It’s a shame that Thibodeau didn’t get to coach Garnett again in Minnesota, but the team is in good hands with Andrew Wiggins and Karl-Anthony Towns.

Pacers unveil 50th anniversary patch for their uniforms (PHOTO)

NEWARK, NJ - MARCH 28:  Leandro Barbosa #28 of the Indiana Pacers looks on against the New Jersey Nets at Prudential Center on March 28, 2012 in Newark, New Jersey. NOTE TO USER: User expressly acknowledges and agrees that, by downloading and or using this photograph, User is consenting to the terms and conditions of the Getty Images License Agreement.  (Photo by Chris Chambers/Getty Images)
Leave a comment

The Indiana Pacers have been a franchise for 50 years — 10 in the ABA and 40 in the NBA. To celebrate this anniversary, they’ve unveiled a new patch that they will wear on their uniforms this season. You can check it out below:

It looks pretty sleek, combining the Pacers’ logo with the zero in “50.” It’s subtle and well-designed.

Kobe Bryant pays tribute to Kevin Garnett on Twitter

LOS ANGELES, CA - JUNE 12:  Kobe Bryant #24 of the Los Angeles Lakers puts a shot up over Kevin Garnett #5 and Paul Pierce #34 of the Boston Celtics in Game Four of the 2008 NBA Finals on June 12, 2008 at Staples Center in Los Angeles, California.  NOTE TO USER: User expressly acknowledges and agrees that, by downloading and/or using this Photograph, user is consenting to the terms and conditions of the Getty Images License Agreement.  (Photo by Stephen Dunn/Getty Images)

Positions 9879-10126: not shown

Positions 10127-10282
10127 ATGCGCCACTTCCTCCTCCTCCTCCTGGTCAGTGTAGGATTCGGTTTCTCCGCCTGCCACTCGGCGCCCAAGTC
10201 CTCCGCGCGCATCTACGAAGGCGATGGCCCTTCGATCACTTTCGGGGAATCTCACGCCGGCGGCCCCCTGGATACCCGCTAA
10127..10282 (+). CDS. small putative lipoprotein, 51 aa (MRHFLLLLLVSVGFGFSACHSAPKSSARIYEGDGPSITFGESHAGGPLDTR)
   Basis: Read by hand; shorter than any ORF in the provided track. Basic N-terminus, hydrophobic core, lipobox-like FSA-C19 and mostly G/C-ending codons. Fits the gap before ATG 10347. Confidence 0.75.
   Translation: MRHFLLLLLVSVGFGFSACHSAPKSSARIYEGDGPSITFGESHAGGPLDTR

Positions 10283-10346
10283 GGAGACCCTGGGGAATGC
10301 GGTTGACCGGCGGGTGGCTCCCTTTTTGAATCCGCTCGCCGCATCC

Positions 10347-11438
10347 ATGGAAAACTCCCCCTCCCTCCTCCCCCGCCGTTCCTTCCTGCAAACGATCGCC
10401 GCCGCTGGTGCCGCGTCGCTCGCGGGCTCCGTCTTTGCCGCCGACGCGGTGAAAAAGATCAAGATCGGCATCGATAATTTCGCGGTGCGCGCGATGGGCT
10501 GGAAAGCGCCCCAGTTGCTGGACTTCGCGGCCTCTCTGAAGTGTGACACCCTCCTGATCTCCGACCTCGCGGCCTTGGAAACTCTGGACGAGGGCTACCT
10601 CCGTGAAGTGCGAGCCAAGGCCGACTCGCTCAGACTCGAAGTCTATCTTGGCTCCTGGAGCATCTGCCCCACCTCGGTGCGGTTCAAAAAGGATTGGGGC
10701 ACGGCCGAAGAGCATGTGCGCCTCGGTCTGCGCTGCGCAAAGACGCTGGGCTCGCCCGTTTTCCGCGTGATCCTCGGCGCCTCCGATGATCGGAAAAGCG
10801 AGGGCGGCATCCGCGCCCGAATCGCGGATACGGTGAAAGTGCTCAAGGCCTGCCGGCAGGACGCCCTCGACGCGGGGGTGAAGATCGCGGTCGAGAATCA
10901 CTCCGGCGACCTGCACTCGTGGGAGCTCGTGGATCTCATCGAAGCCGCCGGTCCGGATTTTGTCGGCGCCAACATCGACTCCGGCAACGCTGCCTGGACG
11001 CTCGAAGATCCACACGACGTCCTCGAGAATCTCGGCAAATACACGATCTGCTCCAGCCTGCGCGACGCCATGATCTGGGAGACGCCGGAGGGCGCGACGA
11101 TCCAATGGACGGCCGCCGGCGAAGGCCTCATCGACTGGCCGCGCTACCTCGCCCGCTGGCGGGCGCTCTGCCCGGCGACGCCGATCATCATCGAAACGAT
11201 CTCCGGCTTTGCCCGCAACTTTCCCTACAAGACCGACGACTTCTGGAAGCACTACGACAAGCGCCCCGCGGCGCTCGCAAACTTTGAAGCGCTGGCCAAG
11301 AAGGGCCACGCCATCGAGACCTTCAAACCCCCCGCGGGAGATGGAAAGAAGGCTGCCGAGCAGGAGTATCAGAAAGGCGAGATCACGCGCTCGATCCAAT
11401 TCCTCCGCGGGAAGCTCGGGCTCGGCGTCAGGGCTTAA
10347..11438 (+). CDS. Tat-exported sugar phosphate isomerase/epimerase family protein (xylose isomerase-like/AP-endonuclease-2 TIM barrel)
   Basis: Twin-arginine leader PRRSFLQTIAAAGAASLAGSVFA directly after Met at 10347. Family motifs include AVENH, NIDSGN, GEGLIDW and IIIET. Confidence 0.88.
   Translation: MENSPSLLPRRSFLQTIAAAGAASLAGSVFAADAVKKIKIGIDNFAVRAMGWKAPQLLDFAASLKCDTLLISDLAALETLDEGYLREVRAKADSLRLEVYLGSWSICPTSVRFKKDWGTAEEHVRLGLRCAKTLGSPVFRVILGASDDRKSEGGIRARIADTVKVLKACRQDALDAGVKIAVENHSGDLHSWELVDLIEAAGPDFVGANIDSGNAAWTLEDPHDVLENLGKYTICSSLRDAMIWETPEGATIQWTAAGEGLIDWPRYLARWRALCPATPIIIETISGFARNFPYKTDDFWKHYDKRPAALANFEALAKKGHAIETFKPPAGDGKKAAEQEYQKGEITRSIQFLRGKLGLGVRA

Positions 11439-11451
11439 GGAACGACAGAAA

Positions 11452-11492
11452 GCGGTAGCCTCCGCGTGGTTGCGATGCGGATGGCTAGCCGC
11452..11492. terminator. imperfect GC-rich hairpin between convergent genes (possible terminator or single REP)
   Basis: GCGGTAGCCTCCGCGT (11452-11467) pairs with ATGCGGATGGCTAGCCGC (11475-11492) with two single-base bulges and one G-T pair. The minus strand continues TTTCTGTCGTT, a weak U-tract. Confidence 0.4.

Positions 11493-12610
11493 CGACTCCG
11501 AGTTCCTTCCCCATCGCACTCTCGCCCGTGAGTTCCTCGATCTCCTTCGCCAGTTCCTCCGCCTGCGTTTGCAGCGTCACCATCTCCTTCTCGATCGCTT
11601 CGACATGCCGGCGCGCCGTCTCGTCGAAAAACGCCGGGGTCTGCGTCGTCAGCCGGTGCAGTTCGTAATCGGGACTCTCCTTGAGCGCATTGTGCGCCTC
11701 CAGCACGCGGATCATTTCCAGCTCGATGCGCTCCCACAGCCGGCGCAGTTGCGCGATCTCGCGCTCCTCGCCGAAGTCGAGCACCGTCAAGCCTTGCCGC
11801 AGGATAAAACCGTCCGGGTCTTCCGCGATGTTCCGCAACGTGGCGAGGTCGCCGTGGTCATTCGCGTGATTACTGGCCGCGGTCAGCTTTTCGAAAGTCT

Leave a comment

This summer, three of this generation’s defining NBA players, and three of the greatest players of all time, called it a career: Tim Duncan, Kobe Bryant and Kevin Garnett. The latter two in particular had a lot in common, as psychotic competitors and polarizing personalities. They had many memorable battles over the years, including the Lakers-Celtics Finals in 2008 and 2010 (they each won one) and the playoffs in 2003 and 2004, when Garnett was in Minnesota. On Saturday afternoon, a day after Garnett officially announced his retirement, Kobe paid tribute to him with a tweet.

The next time they’ll be together is 2021, when they go into the Hall of Fame together.

Doc Rivers calls anthem protests “the most patriotic thing we can do”